Maine Assistant House Minority Leader Amy Arata, R-New Gloucester, high-fives Minority Leader Billy Bob Faulkingham, R-Winter Harbor, at the State House in Augusta on Dec. 7, 2022. Credit: Troy R. Bennett / BDN

AUGUSTA, Maine — After more than a month of political divides over taxes, a key Democrat and a Republican leader said the parties may be able to find consensus on ways to adjust rates and help low-income Mainers.

Those statements were somewhat of a breakthrough after a contentious budget process in March that saw Democrats push through a $9.9 billion spending plan in March over Republican opposition and setting aside the minority party’s demand for a $200 million income tax cut.

Continued surpluses that came out of a new forecast last week led Republicans to double that request. Democrats have stood against some of their most ambitious plans and a push from advocates for a large child tax credit looms, but Rep. Joe Perry, D-Bangor, the co-chair of the Legislature’s tax committee, said a focus on lower tax brackets could yield a deal.

“I’m confident we can work together,” he said.

State Sen. Joe Perry, D-Bangor, speaks with reporters in downtown Bangor. Credit: Natalie Williams / BDN

The key Republican tax proposal from Rep. Jack Ducharme of Madison would lower the rate for Maine’s lowest income tax bracket from 5.8 percent to 4.5 percent, citing the record surpluses fueled by federal aid earlier in the COVID-19 pandemic.

Forecasters projected another $294 million in higher-than-expected revenue through mid-2025 last week, giving lawmakers up to $900 million more to allocate this year. After most Republicans agreed to deal with Democrats to issue a second round of relief checks early this year, Republicans have pushed for permanent changes to the income tax code.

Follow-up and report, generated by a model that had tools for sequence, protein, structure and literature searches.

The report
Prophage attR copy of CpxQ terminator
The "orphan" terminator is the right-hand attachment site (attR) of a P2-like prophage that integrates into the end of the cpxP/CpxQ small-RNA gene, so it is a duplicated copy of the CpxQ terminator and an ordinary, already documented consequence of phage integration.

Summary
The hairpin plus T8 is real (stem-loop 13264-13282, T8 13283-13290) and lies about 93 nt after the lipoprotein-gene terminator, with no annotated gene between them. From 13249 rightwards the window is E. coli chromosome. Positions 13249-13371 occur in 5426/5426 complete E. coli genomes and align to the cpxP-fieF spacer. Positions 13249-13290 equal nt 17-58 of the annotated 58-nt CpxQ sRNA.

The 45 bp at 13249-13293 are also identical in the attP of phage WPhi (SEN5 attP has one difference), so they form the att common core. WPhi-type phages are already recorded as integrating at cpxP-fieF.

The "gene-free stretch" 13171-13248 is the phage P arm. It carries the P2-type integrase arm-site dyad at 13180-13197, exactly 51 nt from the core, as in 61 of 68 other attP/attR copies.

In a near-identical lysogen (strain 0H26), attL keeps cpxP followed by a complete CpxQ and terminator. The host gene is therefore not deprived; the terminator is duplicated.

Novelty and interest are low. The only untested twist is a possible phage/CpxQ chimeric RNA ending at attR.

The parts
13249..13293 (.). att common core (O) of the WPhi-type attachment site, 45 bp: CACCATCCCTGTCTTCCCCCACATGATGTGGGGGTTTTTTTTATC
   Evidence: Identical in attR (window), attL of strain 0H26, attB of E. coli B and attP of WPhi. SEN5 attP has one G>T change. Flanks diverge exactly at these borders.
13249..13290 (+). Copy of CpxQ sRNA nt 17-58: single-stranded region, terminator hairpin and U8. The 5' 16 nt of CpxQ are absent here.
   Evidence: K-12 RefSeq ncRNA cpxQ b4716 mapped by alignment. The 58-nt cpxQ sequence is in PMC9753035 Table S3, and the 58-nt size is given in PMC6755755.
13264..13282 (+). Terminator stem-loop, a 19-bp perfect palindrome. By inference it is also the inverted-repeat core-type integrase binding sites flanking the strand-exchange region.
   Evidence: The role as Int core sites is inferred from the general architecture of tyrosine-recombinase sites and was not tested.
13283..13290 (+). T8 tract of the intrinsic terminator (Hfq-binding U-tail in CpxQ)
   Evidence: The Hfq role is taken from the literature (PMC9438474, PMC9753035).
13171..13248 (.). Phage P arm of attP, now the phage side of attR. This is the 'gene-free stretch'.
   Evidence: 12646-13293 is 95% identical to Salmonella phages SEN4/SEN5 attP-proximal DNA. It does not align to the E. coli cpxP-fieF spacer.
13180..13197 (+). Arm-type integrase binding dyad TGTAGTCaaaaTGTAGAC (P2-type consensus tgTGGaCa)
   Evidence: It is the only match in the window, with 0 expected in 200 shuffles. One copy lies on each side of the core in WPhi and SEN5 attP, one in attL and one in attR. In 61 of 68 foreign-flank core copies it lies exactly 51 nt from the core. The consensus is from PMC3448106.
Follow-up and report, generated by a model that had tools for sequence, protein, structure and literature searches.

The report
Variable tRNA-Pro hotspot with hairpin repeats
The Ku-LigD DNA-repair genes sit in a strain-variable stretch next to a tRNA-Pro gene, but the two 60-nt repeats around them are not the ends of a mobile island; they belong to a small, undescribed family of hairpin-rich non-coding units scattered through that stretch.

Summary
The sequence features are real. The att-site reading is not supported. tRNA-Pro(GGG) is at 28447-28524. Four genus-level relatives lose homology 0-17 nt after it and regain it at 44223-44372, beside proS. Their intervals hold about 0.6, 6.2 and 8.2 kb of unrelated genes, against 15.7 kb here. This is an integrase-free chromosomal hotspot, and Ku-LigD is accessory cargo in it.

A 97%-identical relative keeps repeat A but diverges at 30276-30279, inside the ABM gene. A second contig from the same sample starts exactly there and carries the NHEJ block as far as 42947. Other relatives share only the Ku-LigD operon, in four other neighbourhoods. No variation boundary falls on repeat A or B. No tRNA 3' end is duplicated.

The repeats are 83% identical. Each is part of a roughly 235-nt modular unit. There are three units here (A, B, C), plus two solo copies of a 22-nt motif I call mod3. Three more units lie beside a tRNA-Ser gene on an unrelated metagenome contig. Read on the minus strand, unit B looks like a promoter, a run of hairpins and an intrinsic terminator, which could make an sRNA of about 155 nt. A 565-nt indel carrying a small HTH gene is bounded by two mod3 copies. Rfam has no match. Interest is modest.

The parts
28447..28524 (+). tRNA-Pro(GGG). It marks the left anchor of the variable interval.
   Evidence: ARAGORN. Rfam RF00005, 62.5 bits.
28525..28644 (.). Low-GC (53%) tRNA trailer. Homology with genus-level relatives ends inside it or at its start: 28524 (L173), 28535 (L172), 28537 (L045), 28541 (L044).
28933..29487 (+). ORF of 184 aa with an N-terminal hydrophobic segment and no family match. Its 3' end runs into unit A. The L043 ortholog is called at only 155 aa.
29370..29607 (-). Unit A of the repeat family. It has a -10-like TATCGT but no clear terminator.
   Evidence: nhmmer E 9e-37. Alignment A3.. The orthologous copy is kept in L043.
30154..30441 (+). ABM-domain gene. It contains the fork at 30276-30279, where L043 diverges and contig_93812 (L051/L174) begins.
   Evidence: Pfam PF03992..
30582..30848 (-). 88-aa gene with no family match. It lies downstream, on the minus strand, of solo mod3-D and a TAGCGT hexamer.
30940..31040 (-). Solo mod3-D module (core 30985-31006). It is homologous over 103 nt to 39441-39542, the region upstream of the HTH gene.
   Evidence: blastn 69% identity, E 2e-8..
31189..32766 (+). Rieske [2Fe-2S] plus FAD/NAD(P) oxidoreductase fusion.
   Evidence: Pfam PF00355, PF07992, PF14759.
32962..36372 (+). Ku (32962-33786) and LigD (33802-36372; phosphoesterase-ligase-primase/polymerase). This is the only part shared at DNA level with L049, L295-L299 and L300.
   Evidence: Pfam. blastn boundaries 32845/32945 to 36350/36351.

“It is clear that something must be done to slow the overcollection of taxes from hardworking Mainers,” Ducharme told the tax panel on Wednesday.

Going back to the era of former Gov. Paul LePage, Republicans have been focused on income tax cuts. Democrats have favored programs aiming to reduce property taxes. A child tax credit bill from House Majority Leader Maureen Terry, D-Gorham, could figure into this year’s mix. It would give parents $350 in 2023 for each dependent and index it going forward.

The liberal Maine Center for Economic Policy is arguing for that proposal after releasing data in late March showing Ducharme’s proposal would actually provide the greatest benefit to Mainers earning over $150,000 due to the state’s large standard deduction and personal exemptions that reduce low-income tax burdens.

Ducharme countered on Wednesday by saying it was “nearly impossible to give tax relief only to those in the lower-income strata” and his bill would still benefit over 450,000 taxpayers at a cost of just over $200 million. Republicans have not fleshed out the details of their larger request.

It met immediate resistance from the administration of Gov. Janet Mills, which sent Chase Hewitt, an attorney with Maine Revenue Services’ tax policy office, to testify against Ducharme’s measure and other Republican ones that he said do not consider “the impact of those cuts on the services offered by the state of Maine and the people who rely on those services.”

But Perry said he sees potential for discussions around proposals to adjust tax brackets, even if the two sides do not agree exactly on how to do so. He said he is “encouraged” by Republicans focused on helping lower-income residents versus “only the top-end people,” although he said bills to eliminate the income and personal property taxes are “wasting everyone’s time.”

Assistant House Minority Leader Amy Arata, R-New Gloucester, told the tax panel on Wednesday that she was optimistic the two parties could reach an agreement on the ideal rates for Mainers. That will only happen if Democrats allow Republicans to put their stamp on a budget deal.

“So much is done at the leadership level,” Perry said. “Anything we do will likely occur in the last days of the legislative session.”

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Billy Kobin

Billy Kobin is a politics reporter who joined the Bangor Daily News in 2023. He grew up in Wisconsin and previously worked at The Indianapolis Star and The Courier Journal (Louisville, Ky.) after graduating...